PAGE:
Noam Scheiber is dead right about the White House’s new roundabout plans to phase out Social Security.
Read what he has to say.
There are many issues to discuss now that we’ve entered into a main phase of the Social Security battle — one in particular will be to keep a close eye on Cato, Club for Growth and the rest of the money lobby to see how well they warm to the idea of the tax increases the president is now floating as a way to pay for his plan. But the first thing to do is to focus and understand where the Democrats are in this debate and what they are after, and for all of them to resolve that it really doesn’t matter whether President Bush tries the front door to phase-out or the back door or whether he tries to break through the window or even just burn down the whole house. The goal is what counts. And the question is just what it is that people don’t like about Social Security in its current form.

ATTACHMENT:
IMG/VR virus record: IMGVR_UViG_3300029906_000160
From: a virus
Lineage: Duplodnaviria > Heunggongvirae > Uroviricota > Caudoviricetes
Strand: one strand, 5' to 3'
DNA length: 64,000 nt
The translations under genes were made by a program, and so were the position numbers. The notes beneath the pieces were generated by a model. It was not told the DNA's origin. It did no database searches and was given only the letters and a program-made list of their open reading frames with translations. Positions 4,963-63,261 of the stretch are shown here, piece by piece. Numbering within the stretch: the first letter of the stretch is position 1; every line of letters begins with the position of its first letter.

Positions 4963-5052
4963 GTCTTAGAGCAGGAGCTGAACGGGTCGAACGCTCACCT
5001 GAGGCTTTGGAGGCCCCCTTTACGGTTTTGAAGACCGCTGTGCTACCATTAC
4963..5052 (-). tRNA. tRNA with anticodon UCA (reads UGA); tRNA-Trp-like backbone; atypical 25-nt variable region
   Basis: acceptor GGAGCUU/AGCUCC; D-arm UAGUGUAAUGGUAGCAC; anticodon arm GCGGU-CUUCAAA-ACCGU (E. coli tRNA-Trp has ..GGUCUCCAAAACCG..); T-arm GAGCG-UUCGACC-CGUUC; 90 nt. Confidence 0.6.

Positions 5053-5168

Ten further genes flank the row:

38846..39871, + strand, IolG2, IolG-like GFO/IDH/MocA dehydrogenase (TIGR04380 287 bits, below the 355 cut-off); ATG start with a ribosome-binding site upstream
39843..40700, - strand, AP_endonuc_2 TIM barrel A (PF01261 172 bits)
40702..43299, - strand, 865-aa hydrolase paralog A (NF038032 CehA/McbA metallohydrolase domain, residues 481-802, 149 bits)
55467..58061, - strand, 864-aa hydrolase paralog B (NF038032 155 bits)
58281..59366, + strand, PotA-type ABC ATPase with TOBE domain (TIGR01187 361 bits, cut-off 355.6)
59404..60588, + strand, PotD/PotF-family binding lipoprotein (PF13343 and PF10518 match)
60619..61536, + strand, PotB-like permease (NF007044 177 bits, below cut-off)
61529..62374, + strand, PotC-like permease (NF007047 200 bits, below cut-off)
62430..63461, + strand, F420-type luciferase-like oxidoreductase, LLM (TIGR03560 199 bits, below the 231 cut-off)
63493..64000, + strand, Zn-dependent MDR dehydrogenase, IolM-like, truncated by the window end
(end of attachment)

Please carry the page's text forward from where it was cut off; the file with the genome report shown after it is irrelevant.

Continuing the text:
President Bush kicked off this struggle by trying to raid Social Security (not the Trust Fund, but the program itself) of a third of its funding to set up his private accounts. Having hit a brick wall with the Democrats and numerous defections from Republicans, he’s now looking for a second roll of the dice. He’ll now try to bargain with more options on the table, perhaps offering to phase out less of Social Security or — and this is more likely — extend the time over which the program is phased out.
But the goal is the same: phase-out. In that sense nothing has changed.